"Janie loved the conversation and sometimes she thought up good stories on the mule, but Joe had forbidden her to indulge. He didn't want her talking after such trashy people." Chapter 6, pg. 50

Topic Tracking: Voice 3

Janie hates working in the store and post office. Jody makes Janie keep her hair tied up because he is jealous of the men who stare at it. It is there for him to stare at, not others. They make fun of Matt Bonner's mule more and decide to play a joke on Matt. Some of the town members stand around the mule and tease it. Janie gets very angry at this because she feels the mule is an overworked, helpless animal; she relates to the mule. Jody buys Matt's mule for $5 (even though the mule isn't worth anything) so he can let the mule rest/die in peace. Everyone in the town praises him for doing such a noble thing, including Janie. Now, the mule is treated like any other citizen of the town, but eventually, he dies. Janie asks Jody if she can go with him to the burial, but Jody says no. He doesn't want Janie doing the kinds of things that normal people do.

The funeral is held for the mule. Joe and other town members make fun of the mule and Matt Bonner. Birds climb onto the mule and begin to eat the carcass.

Jody comes back to the store and he and Janie have a little argument about people liking to have fun.

The porch sitters get into a debate about what prevents people from touching hot stoves, nature or caution. The argument is never finished. There is an argument over the infamous Bog John de Conquer, a super-human type of man known for eating Pharaohs' tombstones and never taking a whipping.

A couple of pretty girls come walking by and they catch the attention of all of the men. One girl in particular, Daisy Blunt, is especially beautiful. She is described as having features like a white woman. Two of the men fight over who would do more for her. The porch talkers enjoy this kind of talk and find it humorous.

Janie and Jody are in the store and there is talk over a missing bill. Jodie insults Janie and says that she needs to be told what to do, because she is no smarter than a chicken or a cow:

"'Somebody got to think for women and chillun and chickens and cows. I god, they sho don't think none theirselves.'" Chapter 6, pg. 67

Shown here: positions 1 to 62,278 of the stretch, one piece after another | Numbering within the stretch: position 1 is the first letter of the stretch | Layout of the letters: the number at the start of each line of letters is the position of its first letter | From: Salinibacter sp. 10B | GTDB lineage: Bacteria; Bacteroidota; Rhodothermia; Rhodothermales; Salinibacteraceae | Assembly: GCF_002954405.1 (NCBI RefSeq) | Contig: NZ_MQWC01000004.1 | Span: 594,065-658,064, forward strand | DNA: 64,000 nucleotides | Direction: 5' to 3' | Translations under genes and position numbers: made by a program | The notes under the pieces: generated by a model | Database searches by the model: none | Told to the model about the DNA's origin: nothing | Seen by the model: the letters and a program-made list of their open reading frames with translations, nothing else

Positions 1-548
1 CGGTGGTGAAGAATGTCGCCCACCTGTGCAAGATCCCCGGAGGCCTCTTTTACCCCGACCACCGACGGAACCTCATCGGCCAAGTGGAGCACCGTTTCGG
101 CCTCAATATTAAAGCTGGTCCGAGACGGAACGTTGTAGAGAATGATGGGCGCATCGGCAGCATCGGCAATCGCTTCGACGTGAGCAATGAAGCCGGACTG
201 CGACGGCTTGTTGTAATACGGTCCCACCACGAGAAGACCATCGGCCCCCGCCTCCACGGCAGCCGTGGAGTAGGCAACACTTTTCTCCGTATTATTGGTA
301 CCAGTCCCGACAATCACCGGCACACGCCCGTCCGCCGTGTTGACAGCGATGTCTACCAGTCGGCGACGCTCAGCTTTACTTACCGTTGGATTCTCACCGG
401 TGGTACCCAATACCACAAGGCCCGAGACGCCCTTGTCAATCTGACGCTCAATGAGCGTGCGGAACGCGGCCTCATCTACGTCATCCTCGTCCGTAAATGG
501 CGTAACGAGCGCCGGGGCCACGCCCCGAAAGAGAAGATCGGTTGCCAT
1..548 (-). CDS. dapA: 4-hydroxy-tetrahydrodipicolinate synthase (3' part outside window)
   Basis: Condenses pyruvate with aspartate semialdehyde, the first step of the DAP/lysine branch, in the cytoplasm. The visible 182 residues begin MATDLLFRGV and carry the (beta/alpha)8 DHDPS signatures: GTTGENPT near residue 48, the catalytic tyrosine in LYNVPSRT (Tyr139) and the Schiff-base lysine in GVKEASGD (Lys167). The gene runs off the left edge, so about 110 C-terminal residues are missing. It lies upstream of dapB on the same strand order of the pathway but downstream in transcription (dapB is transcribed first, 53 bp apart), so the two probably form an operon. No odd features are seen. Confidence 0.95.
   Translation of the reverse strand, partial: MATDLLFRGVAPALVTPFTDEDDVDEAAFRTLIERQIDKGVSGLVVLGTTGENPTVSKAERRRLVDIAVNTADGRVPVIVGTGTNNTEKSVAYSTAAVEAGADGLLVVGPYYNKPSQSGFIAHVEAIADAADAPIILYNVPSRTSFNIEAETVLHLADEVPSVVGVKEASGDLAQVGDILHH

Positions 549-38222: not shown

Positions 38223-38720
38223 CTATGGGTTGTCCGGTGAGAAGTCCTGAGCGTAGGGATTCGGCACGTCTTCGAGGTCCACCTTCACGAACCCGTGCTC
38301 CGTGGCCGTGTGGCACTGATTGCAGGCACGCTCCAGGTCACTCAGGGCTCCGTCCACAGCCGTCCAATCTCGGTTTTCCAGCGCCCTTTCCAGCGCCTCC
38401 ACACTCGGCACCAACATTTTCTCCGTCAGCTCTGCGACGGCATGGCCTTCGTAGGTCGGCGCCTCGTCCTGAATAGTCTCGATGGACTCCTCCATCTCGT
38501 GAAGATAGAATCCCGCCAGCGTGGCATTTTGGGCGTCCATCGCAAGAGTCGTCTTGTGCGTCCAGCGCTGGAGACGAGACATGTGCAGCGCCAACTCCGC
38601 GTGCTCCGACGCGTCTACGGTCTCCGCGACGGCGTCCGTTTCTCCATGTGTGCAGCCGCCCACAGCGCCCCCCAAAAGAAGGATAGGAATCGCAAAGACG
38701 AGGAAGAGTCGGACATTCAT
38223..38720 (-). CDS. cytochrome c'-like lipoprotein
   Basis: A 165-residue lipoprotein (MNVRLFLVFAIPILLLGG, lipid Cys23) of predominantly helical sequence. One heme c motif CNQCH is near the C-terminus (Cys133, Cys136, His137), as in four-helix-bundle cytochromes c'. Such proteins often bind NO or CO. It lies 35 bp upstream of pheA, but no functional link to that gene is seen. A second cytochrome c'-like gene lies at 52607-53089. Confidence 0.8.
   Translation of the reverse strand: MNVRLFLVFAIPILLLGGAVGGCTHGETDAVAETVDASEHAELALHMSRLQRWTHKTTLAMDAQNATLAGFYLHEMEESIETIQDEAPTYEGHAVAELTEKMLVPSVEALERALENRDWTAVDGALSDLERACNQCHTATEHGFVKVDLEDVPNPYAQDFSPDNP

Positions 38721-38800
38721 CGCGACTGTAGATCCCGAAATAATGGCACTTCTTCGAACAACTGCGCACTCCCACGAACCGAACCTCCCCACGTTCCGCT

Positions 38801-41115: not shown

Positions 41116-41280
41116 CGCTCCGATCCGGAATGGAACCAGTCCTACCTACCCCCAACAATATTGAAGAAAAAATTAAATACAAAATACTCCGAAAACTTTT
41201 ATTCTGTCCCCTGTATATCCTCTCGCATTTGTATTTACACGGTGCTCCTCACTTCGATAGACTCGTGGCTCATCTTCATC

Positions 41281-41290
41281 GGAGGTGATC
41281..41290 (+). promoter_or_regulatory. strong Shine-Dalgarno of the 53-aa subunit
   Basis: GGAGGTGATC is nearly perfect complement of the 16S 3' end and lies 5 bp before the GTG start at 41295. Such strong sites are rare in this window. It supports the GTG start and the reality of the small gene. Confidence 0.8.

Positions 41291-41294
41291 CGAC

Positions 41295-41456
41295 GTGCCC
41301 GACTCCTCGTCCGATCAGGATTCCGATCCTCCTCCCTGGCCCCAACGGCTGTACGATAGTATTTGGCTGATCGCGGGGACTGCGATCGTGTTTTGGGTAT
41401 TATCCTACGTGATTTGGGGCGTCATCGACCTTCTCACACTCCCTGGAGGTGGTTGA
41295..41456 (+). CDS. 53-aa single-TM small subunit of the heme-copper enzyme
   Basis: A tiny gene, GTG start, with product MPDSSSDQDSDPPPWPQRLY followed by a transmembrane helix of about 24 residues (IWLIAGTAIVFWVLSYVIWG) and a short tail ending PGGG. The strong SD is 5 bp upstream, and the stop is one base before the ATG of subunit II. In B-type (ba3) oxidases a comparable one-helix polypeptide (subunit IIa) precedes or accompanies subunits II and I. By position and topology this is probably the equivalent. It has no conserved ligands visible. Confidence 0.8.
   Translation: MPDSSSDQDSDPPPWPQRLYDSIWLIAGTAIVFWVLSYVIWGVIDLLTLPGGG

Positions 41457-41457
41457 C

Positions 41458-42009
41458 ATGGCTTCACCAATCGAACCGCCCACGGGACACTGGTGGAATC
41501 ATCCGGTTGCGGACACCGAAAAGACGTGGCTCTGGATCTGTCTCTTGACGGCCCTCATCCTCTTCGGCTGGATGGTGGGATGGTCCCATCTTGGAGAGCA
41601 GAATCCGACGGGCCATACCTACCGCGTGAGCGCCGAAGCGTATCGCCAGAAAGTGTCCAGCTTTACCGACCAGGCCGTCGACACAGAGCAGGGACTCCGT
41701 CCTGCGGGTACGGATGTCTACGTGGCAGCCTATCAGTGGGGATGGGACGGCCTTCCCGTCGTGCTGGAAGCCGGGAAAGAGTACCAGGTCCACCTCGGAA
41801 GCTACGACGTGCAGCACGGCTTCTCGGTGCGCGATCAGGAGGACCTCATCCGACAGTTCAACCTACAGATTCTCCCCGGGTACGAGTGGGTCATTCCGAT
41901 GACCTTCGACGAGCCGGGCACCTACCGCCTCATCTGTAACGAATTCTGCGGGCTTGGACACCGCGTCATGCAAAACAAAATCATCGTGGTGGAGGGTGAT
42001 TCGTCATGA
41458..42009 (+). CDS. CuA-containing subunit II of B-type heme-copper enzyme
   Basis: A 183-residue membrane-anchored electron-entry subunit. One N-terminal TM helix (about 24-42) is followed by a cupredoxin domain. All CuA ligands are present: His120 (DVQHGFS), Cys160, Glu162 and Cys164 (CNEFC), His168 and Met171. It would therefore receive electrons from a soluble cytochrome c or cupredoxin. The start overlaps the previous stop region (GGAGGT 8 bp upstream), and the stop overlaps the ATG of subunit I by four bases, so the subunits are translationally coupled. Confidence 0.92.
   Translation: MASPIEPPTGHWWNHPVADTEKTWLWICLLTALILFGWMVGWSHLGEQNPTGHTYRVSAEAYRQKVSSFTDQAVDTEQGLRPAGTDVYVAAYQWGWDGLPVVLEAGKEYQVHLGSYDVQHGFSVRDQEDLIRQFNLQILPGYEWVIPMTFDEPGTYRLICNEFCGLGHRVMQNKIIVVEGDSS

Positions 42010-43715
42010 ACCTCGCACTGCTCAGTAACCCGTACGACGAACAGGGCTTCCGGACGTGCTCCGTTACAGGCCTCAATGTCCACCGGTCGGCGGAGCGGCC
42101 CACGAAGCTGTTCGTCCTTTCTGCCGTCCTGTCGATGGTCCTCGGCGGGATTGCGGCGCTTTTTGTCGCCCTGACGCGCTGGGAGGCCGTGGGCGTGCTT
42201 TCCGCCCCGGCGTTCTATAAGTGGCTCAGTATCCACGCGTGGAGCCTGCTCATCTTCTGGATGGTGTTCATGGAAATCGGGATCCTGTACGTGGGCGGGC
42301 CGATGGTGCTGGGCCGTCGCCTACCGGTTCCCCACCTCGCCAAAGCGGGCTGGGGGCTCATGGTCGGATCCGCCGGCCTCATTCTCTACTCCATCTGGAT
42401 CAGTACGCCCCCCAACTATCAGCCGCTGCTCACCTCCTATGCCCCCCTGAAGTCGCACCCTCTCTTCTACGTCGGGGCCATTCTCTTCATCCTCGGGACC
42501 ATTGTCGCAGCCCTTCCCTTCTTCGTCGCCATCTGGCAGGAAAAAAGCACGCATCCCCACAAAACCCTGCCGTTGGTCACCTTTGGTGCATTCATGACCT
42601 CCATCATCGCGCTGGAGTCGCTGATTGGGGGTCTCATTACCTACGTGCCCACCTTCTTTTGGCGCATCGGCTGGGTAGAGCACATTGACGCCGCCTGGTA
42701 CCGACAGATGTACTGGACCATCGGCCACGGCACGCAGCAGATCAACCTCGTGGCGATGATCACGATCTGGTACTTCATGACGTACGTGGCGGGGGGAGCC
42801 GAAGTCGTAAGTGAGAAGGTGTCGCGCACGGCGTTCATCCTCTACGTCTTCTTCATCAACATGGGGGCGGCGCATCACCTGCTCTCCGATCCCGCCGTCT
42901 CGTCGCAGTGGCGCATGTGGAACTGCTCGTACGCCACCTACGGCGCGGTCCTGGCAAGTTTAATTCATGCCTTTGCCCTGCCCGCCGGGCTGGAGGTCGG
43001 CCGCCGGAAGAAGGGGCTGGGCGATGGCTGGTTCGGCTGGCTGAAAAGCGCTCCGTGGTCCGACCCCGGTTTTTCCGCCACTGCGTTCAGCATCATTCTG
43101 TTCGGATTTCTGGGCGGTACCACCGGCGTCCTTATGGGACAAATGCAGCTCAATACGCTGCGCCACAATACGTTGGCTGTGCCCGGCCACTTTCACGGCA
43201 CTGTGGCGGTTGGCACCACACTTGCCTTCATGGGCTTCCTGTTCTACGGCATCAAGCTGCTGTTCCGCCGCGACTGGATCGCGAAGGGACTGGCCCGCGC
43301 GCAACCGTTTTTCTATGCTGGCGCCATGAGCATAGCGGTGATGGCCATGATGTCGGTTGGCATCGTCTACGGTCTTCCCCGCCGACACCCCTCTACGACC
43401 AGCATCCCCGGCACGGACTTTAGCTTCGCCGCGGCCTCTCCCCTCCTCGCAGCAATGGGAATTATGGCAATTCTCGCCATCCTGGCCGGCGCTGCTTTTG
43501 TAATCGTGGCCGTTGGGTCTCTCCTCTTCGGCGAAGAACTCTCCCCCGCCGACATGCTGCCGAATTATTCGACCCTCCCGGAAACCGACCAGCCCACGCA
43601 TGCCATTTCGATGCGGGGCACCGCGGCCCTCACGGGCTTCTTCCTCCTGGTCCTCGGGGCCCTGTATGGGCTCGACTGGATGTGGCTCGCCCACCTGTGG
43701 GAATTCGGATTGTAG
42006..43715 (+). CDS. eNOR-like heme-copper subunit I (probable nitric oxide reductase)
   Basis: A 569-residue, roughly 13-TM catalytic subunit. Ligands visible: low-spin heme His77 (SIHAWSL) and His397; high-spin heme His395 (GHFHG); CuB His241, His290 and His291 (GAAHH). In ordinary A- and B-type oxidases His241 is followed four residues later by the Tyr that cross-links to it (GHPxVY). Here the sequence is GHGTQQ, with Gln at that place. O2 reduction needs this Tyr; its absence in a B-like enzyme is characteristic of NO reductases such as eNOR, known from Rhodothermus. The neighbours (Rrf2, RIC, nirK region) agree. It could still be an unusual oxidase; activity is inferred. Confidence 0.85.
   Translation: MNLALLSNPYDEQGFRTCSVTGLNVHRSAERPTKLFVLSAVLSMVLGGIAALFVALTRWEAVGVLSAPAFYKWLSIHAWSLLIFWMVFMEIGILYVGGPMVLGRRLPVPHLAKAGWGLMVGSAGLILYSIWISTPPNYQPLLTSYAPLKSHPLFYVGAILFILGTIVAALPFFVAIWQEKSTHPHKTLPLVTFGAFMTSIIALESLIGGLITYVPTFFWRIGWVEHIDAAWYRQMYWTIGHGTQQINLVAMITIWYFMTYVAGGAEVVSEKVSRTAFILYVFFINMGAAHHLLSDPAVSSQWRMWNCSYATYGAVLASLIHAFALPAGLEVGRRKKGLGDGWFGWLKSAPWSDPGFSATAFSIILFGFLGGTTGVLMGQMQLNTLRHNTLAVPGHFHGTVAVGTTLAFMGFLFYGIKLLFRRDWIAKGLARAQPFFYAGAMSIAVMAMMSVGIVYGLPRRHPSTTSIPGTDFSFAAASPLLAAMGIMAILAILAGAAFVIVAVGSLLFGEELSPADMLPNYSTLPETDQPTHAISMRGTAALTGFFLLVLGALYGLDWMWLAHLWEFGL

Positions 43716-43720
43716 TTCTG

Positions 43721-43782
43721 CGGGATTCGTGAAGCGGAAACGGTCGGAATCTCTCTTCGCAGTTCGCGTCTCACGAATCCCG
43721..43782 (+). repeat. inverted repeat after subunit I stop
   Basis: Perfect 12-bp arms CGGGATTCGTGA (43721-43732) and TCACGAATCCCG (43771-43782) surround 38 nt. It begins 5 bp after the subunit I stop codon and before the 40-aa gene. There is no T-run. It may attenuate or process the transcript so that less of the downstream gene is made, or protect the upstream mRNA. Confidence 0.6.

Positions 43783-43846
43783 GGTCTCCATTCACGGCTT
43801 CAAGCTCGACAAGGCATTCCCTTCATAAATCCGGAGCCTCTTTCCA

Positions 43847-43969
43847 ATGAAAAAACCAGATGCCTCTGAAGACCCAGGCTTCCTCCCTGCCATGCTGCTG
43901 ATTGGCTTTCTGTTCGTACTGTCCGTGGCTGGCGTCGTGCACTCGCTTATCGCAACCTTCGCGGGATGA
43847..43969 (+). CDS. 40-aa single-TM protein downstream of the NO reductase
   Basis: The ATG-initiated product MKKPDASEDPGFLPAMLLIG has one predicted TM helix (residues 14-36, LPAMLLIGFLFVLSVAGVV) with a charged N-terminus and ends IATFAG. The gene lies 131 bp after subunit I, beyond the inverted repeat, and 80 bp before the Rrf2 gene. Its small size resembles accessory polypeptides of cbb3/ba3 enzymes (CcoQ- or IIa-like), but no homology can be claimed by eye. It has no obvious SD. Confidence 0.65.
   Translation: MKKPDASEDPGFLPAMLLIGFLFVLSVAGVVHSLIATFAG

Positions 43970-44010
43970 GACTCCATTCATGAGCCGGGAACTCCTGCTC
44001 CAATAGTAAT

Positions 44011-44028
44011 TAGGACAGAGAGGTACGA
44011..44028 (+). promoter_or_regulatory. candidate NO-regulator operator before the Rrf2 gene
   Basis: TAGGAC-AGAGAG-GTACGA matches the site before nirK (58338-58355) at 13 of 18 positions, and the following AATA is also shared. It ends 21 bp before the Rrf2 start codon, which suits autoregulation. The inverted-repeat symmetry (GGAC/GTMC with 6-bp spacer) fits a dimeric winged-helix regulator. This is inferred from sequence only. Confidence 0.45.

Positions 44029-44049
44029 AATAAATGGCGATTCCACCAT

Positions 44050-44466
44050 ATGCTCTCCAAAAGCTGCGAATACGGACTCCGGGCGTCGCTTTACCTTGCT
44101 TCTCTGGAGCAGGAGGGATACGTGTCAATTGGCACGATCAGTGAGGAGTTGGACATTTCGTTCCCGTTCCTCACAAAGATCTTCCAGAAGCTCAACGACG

Janie learns to not fight back when Joe insults her.

Topic Tracking: Voice 4

Janie is 24 now. One day, after Joe slaps her because the dinner doesn't turn out right, Janie realizes that her marriage is basically over. Jody isn't what she thought he was and he is not fulfilling her. He is not what she always dreamed of.

Topic Tracking: Nature 7

One of the women from the town comes to Joe and begs him for more food for her and her children. She says her husband doesn't feed them, which is a lie. Joe goes into the store and gives her a small piece of pork; she complains that it is so small. She leaves and everyone on the porch makes fun of her. Janie gets annoyed and does something she normally doesn't do - gives her opinion:

"Janie did what she had never done before, that is, thrust herself into the conversation." Chapter 6, pg. 70

Jody gets angry and tells her that she is getting too mouthy.

Chapter 7

Janie becomes even more aware that the state of her marriage is not good. She is less and less satisfied with Jody and she speaks her mind less and less.

Topic Tracking: Voice 5

Jody continuously insults Janie. He tells her that she is getting old and she isn't what she used to be (even though he is older and in worse shape). Janie insults him in front of the porch sitters:

"'When you pull down yo' britches, you look lak de change uh life.'" Chapter 7, pg. 75

He feels stripped of his masculinity, slaps her, and makes her leave the store.

Chapter 8

Janie's marriage gets even worse. Jody moves out of their bedroom to sleep downstairs. Janie and her best friend Pheoby Watson talk about Janie's failing marriage. Janie is very hurt.

Jody has kidney failure and becomes ill. He does not have a lot of time left to live. He does not allow Janie to go into the sick room to visit him. Finally, Janie disobeys him and goes in, so that she can talk to him. They argue over whether or not Janie was a good wife. She tells him that she never had a chance to really show him who she was because he was always restricting her.

Topic Tracking: Identity 5

They argue more and Jody eventually dies. Janie feels bad for him, but she also feels free of him. She goes over to the mirror and pulls down her long hair that Joe always made her tie up. She no longer sees a little girl in the mirror, but a beautiful woman.

Topic Tracking: Identity 6

Chapter 9

Janie attends Joe's funeral. She feels free of him and the restrictions he placed on her.

Topic Tracking: Identity 7

Janie realizes that she hates her grandmother because she never allowed Janie to go out in search of a far horizon (her dreams). She always made Janie settle on things, and because of this, Janie is unfulfilled.

Topic Tracking: Identity 8

Now that Joe is dead, Janie notices that many men come around seeking her attention. They all want to marry her because she has money. Six months pass and she is still not married. She still manages the store, but doesn't like it. Men continue to come around, but Janie pays no attention to them and she doesn't care what anyone else thinks. She enjoys the freedom she has.

Chapter 10

Janie decides to close the store early because of a baseball game going on. A short while before Janie closes the store, a tall, lean man walks into the store to buy cigarettes. He talks to Janie and offers for the two of them to play a game of checkers. Janie says she doesn't know how, but the man wants to teach her. She is thrilled that someone wants to teach her how to play. Janie finds herself very attracted to this man.